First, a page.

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Going by the Le Petit Mort tour I expected they would be playing a large chunk of the new album so I wanted to see it in a venue where the majority of fans would be diehards and who would give the new album a chance.  I expected that as soon as it hit the bigger venues like the Hydro in Glasgow there was a strong  possibility that the new stuff would struggle to make an impact with a crowd who would have more people there for the ‘hits’.  My fears were partially unfounded.  Over the three gigs there were clearly a lot of people who had bought and immersed themselves in the new album with plenty of people singing along to the new stuff.

I have to say that all the shows were fantastic and all had their moments but night 1 of my London shows was probably the best I’ve ever seen James and up there with the best gigs I’ve been to. Everything just seemed to come together to produce an experience only live music can give.  Band on top form, great sound, great visuals, an appreciative crowd in a perfect venue.  Having seen previous set lists  I knew almost all of the new album would get an airing and any worries about how the crowd would react to so many new songs were soon dismissed.

2. Tim The Forum holds approx 2,300 people and it felt like it was full of James fanatics and they were well up for the new stuff.  It did start a little tentatively with Bitch the first of five new songs to be played as the opening to the show but halfway through 2nd song To My Surprise there was a noticeable change in the crowd who just stepped up a gear and I knew then it was going to be a special night. There’s not many 30 year old bands who would hit their audience with five new songs to open with and one of them in French and get the reaction James did.  Songs from the new album just sound fantastic live and clearly the band have enjoyed moulding them into different beasts live, with  Attention being a case in point, it has changed dramatically from the album version and on each of the three times I saw them they were still playing about with it. Whatever they are doing to the songs it does indeed work and in total 11 of the12 tracks from the album were played over the 2 hours.

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The ‘hits’ weren’t forgotten about with Ring the Bells and Sometimes coming together early on in the set, others are done with a different slant. She’s a Star sees Adrian sitting down playing cello with Saul, Jim and Tim huddled next to him.  It’s a feature of the shows that Tim wants to connect with the audience and he does a bit of crowd surfing during Catapult.  There are the deep cuts with English Beefcake and What For making an appearance.  There was a distinct murmur of recognition through the crowd as people began to recognise What For during the acoustic interlude. I believe this was its first appearance since 1999.   We got Honest Joe from Wah Wah which came across brilliant live.  My favourite James song Sound followed and tonight’s version was quite extraordinary with a middle section that seemed to go on forever. It was as if the band were letting the crowd dictate the song.  Tim Booth just stood stage front and stared at the crowd as the band behind him created an incredible maelstrom of sound that culminated in Andy Diagram complete with luminous shirt and luminous trumpet playing down at the crowd barrier.   It really was incredible stuff.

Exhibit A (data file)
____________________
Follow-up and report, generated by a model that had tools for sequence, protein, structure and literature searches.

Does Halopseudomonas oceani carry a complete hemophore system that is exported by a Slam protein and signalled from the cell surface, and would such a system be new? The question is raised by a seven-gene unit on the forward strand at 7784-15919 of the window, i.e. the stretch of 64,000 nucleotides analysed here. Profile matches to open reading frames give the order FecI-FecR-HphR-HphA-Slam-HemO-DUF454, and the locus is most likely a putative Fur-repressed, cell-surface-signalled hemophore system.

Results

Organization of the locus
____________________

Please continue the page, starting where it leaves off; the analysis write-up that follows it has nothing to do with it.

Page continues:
4. Andy trumpet.

For an encore we had Tim and Adrian starting Say Something up on the balcony and the two of them making their way down to the stage before finishing the night off with Moving On, Nothing But Love and Tomorrow which had the crowd going what can only be described as ‘mental’.  It was a stunning gig and for once the band did a whole gig without fecking anything up.  There is a first for everything.

5. Brixton

I thought it would be almost impossible for night 2 at Brixton to reach the same heights and so it proved but it was still a great show.  Where I was standing the new songs didn’t get anywhere near the reaction of the first night but the older songs were greeted which deafening roars.  Particularly on Born of Frustration and Sometimes that came side by side.  Tim climbed the speakers to survey his audience as they jumped about and sang along at the top of their voices.  Sometimes on the last tour the band actively encouraged the audience to sing back the chorus but last night and on reading other reviews the fact they were playing the song mid set had seen this element of the song dropped but not at Brixton, as the song came to an end the crowd picked up the words and sang the words back to the band who slowly picked up the song again.  A real band and audience connecting moment.

7. Tim surfs

Surfers Song the only song from the new album not to be played the previous night made an appearance and one of my favourites off the album.  So over the two nights I got to hear the whole album live.  It also gave Tim, as the song title suggests, an opportunity to crowd surf which he did and hardly missed a line as he was passed around the audience.  He did say at the end that he wouldn’t be doing that in Glasgow as last time they wanted bits of him.  These forays into the crowd really notched the show up as the crowd reacted to the effort the band were putting in.  The whole band really are on fire at the moment and appear to be enjoying the shows to a level I’ve never witnessed before.

Tonight we did get a feck up as Catapult completely disintegrated as Tim was on the barrier singing and about to surf once more when he completely lost the song.  It’s an endearing quality that the band can still make these errors and is all part of the live James experience.